At Help AG, our Managed Security Services (MSS) team offers 24x7x365 monitoring of complex IT security infrastructure to some of the largest enterprises in the region. As a result, we have our eyes keenly fixed on the cyber security threat landscape and are among the first in the region to learn and act upon new threats.

In this blog, I share the top three cyber security threats our MSS team has recently come across. So, read on to learn about what you need to look out for in the weeks ahead:

1) UAE Among Top Targets for Smartphone Surveillanceware

Security researchers have discovered a set of custom Android and iOS surveillanceware tools called Stealth Mango (Android) and Tangelo (iOS). The former, which is the more active of the two, is being used in targeted surveillance operations against government officials, members of the military, and activists in the United Arab Emirates, Iraq, India, Pakistan, and Afghanistan. Furthermore, government officials and civilians from the United States, Australia, the United Kingdom, and Iran have had their data indirectly compromised after interacting with Stealth Mango victims.

Attack Vectors

The threat actors have relied on social engineering to infect target devices and have hosted Stealth Mango samples on their own fake app store. They typically lure victims via phishing, but it appears they may also have physical access to victims’ devices.

After infecting victims’ devices, attackers use azurewebsites[.]net hosted by Microsoft to serve the malicious page. This watering hole URL, used to distribute the malware, pretends to be the third-party Android app store APKMonk, but it is not. All links on the site to other apps will fail or re-direct to the Stealth Mango APK. Attackers do a convincing job of making the APK seem legitimate by including fake information regarding the package name, version info and past versions of the app.

Attack Execution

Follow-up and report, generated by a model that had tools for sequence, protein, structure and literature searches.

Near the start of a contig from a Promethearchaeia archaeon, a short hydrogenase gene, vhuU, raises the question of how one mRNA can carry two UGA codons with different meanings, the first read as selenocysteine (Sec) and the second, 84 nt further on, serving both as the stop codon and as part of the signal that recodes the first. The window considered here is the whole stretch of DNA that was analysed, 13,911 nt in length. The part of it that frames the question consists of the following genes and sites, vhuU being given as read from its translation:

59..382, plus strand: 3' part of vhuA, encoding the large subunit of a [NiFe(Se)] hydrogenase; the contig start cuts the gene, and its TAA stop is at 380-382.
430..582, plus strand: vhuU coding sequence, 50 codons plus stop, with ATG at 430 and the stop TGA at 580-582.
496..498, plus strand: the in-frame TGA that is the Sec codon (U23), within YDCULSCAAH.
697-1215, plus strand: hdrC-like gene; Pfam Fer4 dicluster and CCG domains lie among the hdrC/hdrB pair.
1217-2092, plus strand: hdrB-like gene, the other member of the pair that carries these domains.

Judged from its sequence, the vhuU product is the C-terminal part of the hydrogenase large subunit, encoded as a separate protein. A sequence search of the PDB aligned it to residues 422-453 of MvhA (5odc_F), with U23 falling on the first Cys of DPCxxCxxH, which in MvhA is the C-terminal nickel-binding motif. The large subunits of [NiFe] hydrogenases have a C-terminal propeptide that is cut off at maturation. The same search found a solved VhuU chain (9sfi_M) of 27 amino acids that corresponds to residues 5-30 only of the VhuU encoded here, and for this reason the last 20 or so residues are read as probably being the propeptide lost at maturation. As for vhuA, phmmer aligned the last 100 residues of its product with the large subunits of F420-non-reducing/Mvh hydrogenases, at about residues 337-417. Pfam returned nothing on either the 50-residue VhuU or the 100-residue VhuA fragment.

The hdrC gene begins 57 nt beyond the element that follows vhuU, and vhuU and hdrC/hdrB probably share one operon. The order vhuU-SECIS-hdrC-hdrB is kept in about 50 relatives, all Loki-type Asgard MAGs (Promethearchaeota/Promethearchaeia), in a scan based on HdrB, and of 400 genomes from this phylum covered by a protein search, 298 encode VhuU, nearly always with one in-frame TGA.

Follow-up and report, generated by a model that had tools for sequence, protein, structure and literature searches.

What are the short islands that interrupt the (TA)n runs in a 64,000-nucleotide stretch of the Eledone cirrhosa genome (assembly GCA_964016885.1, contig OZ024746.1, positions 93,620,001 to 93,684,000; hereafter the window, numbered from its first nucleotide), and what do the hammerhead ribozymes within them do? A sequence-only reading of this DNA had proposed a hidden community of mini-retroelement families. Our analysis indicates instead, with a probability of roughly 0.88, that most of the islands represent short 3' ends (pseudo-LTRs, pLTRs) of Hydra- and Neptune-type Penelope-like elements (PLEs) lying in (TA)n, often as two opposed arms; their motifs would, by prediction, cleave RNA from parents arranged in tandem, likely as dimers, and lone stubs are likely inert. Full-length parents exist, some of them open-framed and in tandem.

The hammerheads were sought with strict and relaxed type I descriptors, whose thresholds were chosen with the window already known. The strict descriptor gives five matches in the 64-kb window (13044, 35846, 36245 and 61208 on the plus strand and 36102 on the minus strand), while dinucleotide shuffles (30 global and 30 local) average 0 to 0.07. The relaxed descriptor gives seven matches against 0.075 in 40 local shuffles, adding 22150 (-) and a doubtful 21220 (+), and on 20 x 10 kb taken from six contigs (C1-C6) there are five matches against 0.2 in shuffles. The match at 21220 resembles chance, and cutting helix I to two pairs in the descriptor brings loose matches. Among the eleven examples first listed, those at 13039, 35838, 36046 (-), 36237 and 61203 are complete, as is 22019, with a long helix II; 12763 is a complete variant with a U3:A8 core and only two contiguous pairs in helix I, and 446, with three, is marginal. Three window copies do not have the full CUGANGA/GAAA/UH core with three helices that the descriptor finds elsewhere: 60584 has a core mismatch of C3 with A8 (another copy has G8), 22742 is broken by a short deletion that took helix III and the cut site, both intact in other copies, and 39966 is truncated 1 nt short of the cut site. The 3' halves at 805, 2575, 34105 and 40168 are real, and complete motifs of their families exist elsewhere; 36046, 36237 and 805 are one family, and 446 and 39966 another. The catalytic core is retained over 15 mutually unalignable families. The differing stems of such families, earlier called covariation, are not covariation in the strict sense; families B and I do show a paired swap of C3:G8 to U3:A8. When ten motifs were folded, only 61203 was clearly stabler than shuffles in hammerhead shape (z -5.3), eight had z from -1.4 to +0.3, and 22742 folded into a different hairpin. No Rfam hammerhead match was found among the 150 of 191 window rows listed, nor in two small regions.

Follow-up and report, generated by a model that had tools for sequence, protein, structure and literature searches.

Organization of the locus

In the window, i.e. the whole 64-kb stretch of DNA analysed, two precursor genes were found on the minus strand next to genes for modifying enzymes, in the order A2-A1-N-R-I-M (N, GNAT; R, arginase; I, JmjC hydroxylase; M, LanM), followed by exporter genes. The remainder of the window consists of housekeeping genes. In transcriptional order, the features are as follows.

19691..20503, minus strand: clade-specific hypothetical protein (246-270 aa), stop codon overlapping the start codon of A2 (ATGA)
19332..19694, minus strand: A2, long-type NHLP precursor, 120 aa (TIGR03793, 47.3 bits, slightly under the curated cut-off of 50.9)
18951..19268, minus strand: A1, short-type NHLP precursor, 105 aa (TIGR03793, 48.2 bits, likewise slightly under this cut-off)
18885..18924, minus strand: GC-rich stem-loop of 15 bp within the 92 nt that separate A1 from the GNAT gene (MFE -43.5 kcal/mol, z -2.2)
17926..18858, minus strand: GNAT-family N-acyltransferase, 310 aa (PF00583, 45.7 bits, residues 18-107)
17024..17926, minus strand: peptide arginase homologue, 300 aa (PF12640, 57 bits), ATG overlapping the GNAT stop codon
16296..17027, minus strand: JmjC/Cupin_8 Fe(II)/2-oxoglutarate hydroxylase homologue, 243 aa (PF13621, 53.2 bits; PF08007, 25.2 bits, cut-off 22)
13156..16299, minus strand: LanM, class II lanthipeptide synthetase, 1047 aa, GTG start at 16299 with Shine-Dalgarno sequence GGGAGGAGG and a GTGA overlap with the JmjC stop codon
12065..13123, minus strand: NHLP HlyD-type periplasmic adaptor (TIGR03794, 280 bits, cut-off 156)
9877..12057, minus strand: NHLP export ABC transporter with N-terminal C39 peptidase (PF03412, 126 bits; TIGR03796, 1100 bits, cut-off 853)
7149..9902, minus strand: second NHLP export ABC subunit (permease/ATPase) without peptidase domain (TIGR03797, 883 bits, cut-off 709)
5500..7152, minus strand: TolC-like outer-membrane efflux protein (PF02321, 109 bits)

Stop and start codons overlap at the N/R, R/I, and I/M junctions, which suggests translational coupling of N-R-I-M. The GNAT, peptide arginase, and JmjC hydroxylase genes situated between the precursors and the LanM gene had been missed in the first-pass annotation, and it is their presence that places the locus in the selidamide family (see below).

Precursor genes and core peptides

Once downloaded and installed, all Stealth Mango samples launch their services at the highest priority possible and contain at least two background services which initially upload all data from an infected device and then track all changes that occur as soon as they happen.

The malware also has categories for each type of information that, in later variants, is used as a model to create databases. These categories are also used to upload data into similarly named folders on command and control (C2) infrastructure. These are • CR – Call Records • VD – Video • GL – Gallery • AU – Audio

Recommendations:

  • Ensure BYOD policies related to company Wi-Fi or guest Wi-Fi are hardened.
  • Refrain from using Android/iOS applications for sharing critical information.
  • Advise users not to click any links in e-mails received from unknown/third-party sources. You can learn more about email security from this previous Help AG blog.
  • Do not install personal applications on corporate mobile devices.
  • It is a good practice to have an Antivirus installed on all endpoint devices. Again, we’ve got tips on securing the endpoint in this blog.
  • Watch out for suspicious links and only download Apps from the official Play Store and App Store.
2) Legitimate Websites Exploited to Deliver Powerful Ransomware

Attackers have been hosting Gradcrab, one of the most widely distributed ransomware variants today, on legitimate websites with poor security measures. As per research, the attackers have been using a series of compromised websites with high vulnerabilities to deliver the malware via emails- meaning users now need to be wary about email from sites and services they would otherwise trust.

Once installed, Gandcrab encrypts files with the .CRAB extension, changes the victim’s background, and leverages the Tor and Namecoin domains for C2 communications. Namecoin is a decentralized DNS service that utilizes a peer-to-peer network instead of relying on a central authority.

Attack Description